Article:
Sir Walter Elliot
Sir Walter Elliot of Kellynch Hall in Somerset, south-west England, never read anything except the Baronetage. He particularly liked to read the pages about his own family:
Walter Elliot, baronet, born 1 March 1760, married Elizabeth Stevenson 15 July 1784. Three daughters: Elizabeth (born 1 June 1785), Anne (born 9 August 1787), and Mary (born 20 November 1791, married Charles Musgrove 16 December 1810). A still-born son (5 November 1789). Lady Elliot died in 1800. Heir presumptive: William Walter Elliot, the great grandson of the second Sir Walter.
This introduction was followed by the history of the Elliot family: three hundred years of respectability. Reading it gave Sir Walter great satisfaction. Vanity was his principal characteristic: he was vain about his noble family and his good looks. At fifty-four he was still a handsome man. His friends had been surprised that he had never married again. He could have asked Lady Russell to marry him. She was a widow who lived nearby and had been Lady Elliot’s closest friend. However, thirteen years had passed since Lady Elliot’s death, and Sir Walter and Lady Russell were still just good friends and neighbours.
Sir Walter’s favourite daughter was Elizabeth. She was twenty-nine, but she was still very good-looking. Anne was twenty-six and had been pretty a few years before, but now she was pale and thin. Mary had grown fat since her marriage. Lady Russell had deep lines around her eyes. Sir Walter took great pleasure in thinking that of all the people he knew only he and Elizabeth were still as good-looking as ever. Elizabeth will marry a great nobleman, he thought, and he did not notice that he had been thinking it for the past thirteen years.
When Elizabeth was sixteen, she had planned to marry her father’s heir William Walter Elliot. That was the only way she could keep her father’s property. When she met the young man, she liked him. He was invited to Kellynch Hall, but he never came. A year later, he married a rich woman from a middle-class family. Elizabeth was angry and upset. Her life went on rather emptily. She went to elegant parties and visited friends. She tried to fill the time, but it was difficult, since she had no talents or interests.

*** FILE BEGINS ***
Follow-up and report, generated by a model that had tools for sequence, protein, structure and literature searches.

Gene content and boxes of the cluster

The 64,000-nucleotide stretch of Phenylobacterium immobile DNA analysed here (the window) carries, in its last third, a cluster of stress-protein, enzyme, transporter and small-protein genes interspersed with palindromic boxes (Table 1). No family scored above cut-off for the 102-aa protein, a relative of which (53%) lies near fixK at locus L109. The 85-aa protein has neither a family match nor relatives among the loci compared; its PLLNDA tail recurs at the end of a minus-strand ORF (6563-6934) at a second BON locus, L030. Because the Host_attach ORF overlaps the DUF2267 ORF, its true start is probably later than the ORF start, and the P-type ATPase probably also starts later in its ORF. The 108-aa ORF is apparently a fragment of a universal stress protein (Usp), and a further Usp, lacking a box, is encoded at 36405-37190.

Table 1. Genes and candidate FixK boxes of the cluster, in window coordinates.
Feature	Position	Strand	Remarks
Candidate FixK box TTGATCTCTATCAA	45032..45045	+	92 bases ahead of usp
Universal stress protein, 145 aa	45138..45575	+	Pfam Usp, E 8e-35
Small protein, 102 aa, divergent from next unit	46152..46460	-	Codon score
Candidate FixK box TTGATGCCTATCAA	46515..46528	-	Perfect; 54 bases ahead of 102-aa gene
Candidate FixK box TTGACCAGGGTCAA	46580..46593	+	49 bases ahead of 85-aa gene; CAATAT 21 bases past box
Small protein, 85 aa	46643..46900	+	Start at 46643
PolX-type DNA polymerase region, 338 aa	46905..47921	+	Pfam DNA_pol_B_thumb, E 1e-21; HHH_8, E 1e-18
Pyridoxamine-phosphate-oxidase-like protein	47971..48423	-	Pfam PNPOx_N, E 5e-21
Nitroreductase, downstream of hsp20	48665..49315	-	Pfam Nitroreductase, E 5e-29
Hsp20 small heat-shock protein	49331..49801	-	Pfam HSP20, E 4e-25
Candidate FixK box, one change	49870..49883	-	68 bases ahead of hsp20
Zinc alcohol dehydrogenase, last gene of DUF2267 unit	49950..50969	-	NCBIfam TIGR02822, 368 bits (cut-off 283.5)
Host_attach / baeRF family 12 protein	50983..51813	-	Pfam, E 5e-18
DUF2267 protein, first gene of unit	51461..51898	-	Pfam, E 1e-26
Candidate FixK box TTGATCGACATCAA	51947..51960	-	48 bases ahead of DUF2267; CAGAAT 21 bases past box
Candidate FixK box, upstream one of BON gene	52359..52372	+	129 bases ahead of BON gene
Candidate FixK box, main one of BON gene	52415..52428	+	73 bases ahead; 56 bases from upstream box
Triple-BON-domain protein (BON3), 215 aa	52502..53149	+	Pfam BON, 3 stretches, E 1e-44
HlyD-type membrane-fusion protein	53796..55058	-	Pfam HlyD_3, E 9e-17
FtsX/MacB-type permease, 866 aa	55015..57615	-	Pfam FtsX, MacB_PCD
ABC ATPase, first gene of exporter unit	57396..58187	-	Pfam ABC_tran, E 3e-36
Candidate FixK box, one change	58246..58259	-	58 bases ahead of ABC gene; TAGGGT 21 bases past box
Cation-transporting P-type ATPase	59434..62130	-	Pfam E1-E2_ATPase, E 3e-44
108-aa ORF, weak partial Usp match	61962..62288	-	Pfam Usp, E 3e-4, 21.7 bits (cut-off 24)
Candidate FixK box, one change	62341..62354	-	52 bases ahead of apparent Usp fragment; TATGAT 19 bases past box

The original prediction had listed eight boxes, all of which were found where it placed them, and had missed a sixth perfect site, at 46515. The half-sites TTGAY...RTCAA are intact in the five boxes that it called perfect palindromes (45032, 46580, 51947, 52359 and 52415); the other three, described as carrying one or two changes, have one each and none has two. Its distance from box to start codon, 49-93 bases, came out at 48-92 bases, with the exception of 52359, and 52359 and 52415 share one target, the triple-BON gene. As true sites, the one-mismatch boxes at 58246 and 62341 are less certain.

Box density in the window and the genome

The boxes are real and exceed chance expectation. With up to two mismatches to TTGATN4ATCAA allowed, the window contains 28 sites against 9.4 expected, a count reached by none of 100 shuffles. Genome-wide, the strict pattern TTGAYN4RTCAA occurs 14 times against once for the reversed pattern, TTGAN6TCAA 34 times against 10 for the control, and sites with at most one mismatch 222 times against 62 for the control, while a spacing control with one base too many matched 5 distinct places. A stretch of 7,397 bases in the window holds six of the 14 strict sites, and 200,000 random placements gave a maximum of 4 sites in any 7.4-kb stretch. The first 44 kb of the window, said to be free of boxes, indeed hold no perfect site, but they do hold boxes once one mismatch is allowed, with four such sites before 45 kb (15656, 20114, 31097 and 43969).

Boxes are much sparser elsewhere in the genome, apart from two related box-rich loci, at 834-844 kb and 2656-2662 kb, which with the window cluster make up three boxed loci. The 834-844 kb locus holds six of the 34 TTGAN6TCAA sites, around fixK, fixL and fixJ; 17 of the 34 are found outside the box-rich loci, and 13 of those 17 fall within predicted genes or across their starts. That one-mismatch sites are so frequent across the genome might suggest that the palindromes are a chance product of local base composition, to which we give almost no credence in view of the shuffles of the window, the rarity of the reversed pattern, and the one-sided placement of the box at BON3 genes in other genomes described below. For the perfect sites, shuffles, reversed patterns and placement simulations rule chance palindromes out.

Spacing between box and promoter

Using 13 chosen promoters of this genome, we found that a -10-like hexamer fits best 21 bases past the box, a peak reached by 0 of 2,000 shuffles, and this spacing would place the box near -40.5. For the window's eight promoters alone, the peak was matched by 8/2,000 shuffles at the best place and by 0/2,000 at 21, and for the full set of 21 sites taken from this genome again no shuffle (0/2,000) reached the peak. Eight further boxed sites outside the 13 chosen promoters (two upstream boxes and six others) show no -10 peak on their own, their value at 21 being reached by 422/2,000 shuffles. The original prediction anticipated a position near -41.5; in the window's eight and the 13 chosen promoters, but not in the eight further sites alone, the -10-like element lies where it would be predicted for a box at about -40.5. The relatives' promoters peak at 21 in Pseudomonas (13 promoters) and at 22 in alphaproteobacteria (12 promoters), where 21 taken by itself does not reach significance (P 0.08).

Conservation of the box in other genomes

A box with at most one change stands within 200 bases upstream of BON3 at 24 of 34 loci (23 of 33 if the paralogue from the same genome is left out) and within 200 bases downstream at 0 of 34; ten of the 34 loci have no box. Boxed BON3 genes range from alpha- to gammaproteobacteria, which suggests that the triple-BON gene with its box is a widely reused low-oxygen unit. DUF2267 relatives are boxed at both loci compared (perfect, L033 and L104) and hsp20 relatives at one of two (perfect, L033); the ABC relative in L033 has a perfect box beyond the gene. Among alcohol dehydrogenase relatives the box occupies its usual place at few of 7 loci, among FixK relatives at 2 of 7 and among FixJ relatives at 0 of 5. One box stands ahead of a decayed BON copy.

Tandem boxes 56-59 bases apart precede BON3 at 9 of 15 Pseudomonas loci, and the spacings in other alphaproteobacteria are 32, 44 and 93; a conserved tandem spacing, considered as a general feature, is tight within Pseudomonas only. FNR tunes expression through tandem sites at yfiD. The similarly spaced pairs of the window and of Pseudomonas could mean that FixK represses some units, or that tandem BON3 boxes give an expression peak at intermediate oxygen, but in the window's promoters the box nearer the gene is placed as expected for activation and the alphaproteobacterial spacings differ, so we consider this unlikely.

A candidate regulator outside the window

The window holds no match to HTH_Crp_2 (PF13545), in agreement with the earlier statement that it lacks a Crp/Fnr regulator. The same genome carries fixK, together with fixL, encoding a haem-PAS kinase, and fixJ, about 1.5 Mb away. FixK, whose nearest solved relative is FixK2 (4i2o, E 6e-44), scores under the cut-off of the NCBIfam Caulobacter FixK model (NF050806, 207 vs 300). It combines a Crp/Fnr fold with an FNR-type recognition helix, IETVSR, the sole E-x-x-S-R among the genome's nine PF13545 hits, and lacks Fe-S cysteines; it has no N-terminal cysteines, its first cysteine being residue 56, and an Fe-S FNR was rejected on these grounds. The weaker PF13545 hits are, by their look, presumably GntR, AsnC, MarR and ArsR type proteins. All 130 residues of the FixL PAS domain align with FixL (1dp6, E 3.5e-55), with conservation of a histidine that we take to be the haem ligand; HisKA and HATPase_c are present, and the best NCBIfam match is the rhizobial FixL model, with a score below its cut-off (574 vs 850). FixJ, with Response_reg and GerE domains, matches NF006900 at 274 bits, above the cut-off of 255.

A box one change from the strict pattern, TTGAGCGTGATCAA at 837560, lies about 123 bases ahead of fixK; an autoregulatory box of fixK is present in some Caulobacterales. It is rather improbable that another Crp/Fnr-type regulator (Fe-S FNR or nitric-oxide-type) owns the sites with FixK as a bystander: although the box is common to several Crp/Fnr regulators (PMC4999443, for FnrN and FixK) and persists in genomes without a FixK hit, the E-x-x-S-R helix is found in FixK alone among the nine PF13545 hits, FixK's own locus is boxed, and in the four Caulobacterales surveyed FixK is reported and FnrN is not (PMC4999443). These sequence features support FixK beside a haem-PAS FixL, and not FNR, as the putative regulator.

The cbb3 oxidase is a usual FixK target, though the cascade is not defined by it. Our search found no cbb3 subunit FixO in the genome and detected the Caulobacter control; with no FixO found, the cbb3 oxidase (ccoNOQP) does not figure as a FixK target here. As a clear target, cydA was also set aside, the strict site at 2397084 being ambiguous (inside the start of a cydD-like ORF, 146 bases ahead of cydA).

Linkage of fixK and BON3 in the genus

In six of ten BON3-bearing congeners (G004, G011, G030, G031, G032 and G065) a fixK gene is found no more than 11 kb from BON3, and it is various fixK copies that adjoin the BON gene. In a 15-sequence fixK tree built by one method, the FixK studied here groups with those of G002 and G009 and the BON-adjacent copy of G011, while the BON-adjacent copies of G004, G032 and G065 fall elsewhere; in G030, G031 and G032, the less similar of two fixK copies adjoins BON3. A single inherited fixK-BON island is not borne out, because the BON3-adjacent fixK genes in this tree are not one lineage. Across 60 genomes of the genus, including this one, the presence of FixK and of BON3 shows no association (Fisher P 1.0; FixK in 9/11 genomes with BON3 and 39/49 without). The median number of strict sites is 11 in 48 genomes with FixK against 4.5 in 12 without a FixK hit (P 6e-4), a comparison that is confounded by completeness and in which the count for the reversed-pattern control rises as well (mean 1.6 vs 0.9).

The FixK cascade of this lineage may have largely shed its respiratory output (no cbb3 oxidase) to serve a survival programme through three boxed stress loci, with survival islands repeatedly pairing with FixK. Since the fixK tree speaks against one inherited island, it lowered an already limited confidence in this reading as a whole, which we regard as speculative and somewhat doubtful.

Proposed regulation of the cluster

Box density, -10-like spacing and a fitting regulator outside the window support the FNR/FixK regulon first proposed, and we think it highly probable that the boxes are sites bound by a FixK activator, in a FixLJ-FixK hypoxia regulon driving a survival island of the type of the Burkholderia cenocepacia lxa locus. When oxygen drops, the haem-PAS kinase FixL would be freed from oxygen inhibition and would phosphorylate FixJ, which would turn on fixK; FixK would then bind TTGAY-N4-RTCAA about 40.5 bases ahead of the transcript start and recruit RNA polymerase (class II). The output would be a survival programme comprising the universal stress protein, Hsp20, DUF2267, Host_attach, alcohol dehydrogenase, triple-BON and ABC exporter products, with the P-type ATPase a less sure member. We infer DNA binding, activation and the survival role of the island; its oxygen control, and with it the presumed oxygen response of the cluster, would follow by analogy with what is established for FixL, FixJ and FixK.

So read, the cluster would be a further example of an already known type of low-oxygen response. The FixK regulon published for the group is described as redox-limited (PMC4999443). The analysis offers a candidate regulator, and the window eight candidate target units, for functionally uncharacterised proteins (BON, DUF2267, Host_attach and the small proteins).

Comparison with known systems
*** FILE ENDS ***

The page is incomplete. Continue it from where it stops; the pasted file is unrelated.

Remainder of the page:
Recently she had been worried about her father: he was in debt. Neither Elizabeth nor her father could imagine how to pay these debts. Both felt that their extravagant lifestyle was essential to the dignity of a noble family. Lady Russell and Anne spent hours trying to find a way to save money and pay the debts, but every plan for economy they proposed was rejected by Sir Walter. Finally he accepted the radical plan of moving to the town of Bath. There he could live for less money without losing his dignity. Meanwhile, Kellynch Hall was rented to a gentleman called Admiral Croft.
When Sir Walter’s lawyer Mr Shepherd had completed the business arrangements with Admiral Croft, he came to Kellynch to report to Sir Walter.
‘Admiral Croft is very nice,’ said Mr Shepherd. ‘His wife’s brother lived in the nearby village of Monkford a few years ago. Perhaps you know the gentleman. Now, what was his name?’ Mr Shepherd searched his memory but couldn’t remember the name of Mrs Croft’s brother. ‘He lived in the grey stone house…’
After a moment, Anne said, ‘I suppose you mean Mr Wentworth.’
‘Ah!’ said Sir Walter. ‘The curate of Monkford. When you said «gentleman» I thought you meant a man of property, somebody of the nobility. Mr Wentworth was nobody.’
Anne left the room quietly and went out into the garden. As she walked between the tall trees, she thought, ‘In a few months, perhaps he will be here!’